Opening The Six Seals

Revelation 6 Notes

The First Seal (vss. 1-2)

  • The thunderous call, indicative of a mighty voice capable of being heard in every realm, is to the horseman and horse to come forth on their symbolic mission, thereby revealing one part of this scene. This is true of each horse and rider to follow.
  • It is evident that this vision represents conquest of some kind. Since white is the heavenly color and indicates holiness, the rider of the white horse symbolizes a heavenly mission of conquest.
  • The crown given to the rider was a victory crown, indicating victory in the conflict as He went forth “conquering, and to conquer.” From these symbolic uses of horses, bows and arrows, it is evident that this is a picture of the victorious Christ carrying out the content of the sealed book.
  • Though Christ may lead the armies of earth in accomplishing God’s purpose, He goes forth here not in military strength or war, but in the gospel to conquer the souls of men according to God’s plan (cf. Ephesians 2:17).

The Second Seal (vss. 3-4)

  • It is generally agreed that red indicates war and bloodshed. Again, however, the nature of the warfare here symbolized must be determined. The persecution that would follow the preaching of the gospel seems the best fit for the symbolic rider of the red horse (cf. Matthew 10:21, 34-39).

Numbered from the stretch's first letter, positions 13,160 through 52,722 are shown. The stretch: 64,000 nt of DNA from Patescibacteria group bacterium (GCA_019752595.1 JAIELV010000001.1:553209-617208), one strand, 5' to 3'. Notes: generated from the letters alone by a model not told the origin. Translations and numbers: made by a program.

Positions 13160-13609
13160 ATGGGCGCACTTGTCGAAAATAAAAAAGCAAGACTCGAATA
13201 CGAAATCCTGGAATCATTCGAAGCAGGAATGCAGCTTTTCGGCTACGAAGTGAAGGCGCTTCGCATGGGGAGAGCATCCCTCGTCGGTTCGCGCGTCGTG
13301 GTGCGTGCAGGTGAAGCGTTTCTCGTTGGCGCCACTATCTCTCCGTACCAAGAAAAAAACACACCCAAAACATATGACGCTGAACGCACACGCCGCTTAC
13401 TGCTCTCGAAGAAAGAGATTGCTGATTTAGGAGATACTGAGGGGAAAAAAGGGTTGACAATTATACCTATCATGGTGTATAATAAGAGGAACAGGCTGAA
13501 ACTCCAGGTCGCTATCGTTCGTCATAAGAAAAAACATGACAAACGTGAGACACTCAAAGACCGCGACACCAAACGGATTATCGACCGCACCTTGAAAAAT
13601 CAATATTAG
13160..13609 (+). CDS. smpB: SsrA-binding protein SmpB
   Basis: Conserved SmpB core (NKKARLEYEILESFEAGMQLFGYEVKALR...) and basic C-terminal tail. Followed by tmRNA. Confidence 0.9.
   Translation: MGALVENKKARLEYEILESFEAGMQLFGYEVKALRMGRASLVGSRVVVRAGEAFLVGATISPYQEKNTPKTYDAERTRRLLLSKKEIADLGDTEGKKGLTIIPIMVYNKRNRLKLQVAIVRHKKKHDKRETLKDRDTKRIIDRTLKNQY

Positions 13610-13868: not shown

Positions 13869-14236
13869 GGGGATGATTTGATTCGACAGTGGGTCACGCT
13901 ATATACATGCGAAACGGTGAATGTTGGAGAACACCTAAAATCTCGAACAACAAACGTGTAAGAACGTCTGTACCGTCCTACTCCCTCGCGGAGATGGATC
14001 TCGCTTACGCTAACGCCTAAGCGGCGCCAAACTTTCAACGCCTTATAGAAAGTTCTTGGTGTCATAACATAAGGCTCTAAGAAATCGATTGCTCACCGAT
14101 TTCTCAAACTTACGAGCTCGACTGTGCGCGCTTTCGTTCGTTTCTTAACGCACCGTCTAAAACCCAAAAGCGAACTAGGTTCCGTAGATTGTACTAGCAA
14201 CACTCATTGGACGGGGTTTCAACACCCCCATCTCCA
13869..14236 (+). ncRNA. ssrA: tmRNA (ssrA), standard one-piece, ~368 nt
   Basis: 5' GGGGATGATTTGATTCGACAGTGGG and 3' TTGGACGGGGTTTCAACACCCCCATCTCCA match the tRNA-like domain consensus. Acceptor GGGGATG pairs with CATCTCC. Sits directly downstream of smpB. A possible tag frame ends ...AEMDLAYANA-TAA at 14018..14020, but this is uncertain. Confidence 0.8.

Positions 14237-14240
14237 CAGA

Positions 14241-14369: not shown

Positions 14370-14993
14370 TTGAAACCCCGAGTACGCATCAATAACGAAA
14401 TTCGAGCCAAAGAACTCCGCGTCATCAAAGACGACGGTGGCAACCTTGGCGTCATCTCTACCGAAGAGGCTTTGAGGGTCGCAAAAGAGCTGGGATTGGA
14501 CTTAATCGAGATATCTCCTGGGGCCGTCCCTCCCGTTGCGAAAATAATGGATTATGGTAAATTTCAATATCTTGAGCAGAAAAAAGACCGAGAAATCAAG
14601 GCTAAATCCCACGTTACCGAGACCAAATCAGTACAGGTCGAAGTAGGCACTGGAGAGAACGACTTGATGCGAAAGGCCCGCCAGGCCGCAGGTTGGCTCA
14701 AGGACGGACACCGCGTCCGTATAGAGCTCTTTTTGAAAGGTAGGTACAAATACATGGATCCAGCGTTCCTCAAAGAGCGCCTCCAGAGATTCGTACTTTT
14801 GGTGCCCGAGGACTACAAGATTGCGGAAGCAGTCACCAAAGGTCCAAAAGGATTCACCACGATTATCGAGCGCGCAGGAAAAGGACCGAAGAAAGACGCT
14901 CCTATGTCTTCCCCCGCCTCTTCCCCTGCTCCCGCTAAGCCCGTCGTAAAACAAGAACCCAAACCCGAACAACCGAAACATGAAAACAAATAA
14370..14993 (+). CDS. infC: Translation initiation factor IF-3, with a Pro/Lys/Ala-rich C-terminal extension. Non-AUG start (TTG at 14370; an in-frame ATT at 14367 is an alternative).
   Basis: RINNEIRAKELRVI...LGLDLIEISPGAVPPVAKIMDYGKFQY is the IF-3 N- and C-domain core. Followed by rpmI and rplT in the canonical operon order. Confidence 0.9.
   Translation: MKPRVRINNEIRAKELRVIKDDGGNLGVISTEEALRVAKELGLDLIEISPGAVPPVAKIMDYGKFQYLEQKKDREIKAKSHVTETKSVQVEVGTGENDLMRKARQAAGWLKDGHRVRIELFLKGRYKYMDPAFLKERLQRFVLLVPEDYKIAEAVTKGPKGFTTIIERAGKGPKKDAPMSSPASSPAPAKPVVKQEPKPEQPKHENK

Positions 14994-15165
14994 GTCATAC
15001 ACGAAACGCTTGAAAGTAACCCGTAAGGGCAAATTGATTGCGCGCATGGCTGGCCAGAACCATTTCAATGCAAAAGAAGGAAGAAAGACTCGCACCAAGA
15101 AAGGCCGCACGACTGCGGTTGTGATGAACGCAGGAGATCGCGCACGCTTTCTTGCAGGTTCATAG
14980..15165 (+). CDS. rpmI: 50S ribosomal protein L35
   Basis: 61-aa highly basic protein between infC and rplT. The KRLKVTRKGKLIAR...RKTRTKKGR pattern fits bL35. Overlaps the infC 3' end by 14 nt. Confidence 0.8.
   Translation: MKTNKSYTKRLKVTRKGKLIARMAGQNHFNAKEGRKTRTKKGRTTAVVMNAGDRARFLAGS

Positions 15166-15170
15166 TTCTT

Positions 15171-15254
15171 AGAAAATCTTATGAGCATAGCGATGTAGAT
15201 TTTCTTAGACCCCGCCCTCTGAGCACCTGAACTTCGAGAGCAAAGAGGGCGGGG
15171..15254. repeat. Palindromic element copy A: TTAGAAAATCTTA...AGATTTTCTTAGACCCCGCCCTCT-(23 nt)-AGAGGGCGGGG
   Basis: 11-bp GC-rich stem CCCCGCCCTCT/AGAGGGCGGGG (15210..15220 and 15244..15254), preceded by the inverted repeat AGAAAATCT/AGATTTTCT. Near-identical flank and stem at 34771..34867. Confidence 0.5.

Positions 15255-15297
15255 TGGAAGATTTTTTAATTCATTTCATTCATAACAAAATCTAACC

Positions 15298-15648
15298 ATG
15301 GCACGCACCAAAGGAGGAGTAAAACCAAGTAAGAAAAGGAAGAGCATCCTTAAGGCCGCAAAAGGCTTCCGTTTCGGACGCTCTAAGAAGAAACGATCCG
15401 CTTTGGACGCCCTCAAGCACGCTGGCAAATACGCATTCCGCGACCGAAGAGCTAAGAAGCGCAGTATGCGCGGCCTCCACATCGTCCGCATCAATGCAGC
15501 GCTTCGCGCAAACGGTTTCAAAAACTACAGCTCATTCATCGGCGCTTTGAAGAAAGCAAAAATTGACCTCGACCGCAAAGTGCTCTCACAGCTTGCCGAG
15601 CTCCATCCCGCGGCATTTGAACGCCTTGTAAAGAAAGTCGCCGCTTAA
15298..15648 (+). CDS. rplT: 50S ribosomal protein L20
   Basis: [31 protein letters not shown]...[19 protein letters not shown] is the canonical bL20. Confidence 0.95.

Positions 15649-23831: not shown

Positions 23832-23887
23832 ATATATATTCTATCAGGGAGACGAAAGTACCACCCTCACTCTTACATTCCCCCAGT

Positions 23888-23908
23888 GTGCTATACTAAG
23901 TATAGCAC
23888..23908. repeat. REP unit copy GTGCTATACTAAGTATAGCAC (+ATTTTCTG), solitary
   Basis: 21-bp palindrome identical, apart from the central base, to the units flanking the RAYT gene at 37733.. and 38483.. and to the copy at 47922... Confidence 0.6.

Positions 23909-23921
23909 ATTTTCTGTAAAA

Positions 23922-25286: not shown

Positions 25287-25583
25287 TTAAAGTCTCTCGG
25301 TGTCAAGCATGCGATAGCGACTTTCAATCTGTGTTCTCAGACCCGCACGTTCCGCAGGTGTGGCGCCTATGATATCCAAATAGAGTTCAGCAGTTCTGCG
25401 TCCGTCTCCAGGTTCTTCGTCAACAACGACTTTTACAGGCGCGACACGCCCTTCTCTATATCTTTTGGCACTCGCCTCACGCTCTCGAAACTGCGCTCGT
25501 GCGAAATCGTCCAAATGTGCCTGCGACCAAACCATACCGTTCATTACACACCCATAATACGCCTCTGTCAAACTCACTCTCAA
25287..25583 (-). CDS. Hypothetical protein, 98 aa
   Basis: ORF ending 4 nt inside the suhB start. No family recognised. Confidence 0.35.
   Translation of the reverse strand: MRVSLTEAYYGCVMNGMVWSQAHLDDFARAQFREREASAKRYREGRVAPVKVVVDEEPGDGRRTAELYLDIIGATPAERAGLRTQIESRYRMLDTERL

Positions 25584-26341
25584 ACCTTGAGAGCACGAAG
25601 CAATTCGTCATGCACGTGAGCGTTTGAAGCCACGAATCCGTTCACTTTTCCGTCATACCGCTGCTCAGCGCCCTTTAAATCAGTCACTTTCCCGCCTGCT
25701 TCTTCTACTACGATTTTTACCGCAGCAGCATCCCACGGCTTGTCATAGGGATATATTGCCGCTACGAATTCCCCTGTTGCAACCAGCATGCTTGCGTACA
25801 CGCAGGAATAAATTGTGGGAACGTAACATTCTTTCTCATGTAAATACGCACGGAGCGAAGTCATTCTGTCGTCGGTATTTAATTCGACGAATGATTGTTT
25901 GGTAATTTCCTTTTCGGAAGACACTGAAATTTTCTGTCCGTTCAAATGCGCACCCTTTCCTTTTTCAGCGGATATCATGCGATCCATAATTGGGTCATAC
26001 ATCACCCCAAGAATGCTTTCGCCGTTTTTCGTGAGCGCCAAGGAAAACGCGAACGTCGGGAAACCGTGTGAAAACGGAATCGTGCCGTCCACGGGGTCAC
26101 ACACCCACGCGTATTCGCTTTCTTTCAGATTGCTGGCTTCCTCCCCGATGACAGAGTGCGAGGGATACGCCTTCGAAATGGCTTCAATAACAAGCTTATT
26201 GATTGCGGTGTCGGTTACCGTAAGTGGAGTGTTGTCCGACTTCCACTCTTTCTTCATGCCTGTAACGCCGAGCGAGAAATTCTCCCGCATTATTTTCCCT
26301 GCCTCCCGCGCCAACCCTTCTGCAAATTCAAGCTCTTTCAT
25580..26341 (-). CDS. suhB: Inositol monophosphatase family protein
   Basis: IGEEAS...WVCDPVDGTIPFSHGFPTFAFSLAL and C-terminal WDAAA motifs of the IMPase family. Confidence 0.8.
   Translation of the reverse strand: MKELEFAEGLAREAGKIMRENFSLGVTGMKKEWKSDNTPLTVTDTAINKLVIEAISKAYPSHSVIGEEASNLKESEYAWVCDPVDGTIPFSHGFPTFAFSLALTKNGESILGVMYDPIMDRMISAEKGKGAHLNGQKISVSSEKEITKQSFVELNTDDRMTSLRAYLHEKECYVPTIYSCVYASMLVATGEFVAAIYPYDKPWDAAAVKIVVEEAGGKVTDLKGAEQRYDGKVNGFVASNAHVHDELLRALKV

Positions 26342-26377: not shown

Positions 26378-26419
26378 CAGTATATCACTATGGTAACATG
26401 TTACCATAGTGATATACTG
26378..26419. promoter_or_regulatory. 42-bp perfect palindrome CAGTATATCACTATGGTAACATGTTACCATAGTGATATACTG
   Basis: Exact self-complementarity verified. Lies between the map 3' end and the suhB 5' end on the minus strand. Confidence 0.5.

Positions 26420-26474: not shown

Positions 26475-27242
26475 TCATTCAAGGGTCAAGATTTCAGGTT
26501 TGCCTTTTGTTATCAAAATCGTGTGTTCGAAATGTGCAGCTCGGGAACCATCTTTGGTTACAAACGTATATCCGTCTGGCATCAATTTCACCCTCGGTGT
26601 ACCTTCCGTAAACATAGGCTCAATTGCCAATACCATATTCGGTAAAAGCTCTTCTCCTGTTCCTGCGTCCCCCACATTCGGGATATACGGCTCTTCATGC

• The Jews had opposed Christ and the gospel and persecuted the saints; Nero had bathed Rome in their blood; Domitian was beginning a persecution that had the whole empire steeped in their suffering before Constantine issued his edict of toleration more than two hundred years later. Persecution has always been the lot of faithful Christians.
  • The “great sword” given to the rider was a butchering sword or knife with which he would slaughter men in sacrifice; it was “great” because of the extent to which it would be used.

The Third Seal (vss. 5-6)

  • The rider of the black horse symbolizes grief, woe and mourning, the lot of persecuted saints who followed the preaching of the gospel. The grief would result from scarcity of food, symbolized by the balance in the rider’s hand and the eating by weight. As the balances in the rider’s hand indicate a period of scarcity, black indicates the grief and woe accompanying such a time.
  • The source of the voice is not identified, but the fact that it comes from the midst of the four living creatures implies that it expresses the sentiment of the four. Wheat, barley, oil and wine were the staple foods of the period, but wine and oil were a bit more upscale. On such a meager salary, one could provide only a bare living and would find it impossible to afford any of these luxuries. As the luxury items were not hurt, it appears that the rider of the black horse symbolizes hardship and suffering through prejudice against Christians.

The Fourth Seal (vss. 7-8)

  • The rider of this horse personified Death, while Hades, the unseen realm of spirits, followed with him. He was and always is present with Death together his share of the booty. Each time Hades is mentioned in Revelation it is associated with Death (1:18; 6:8; 20:13-14).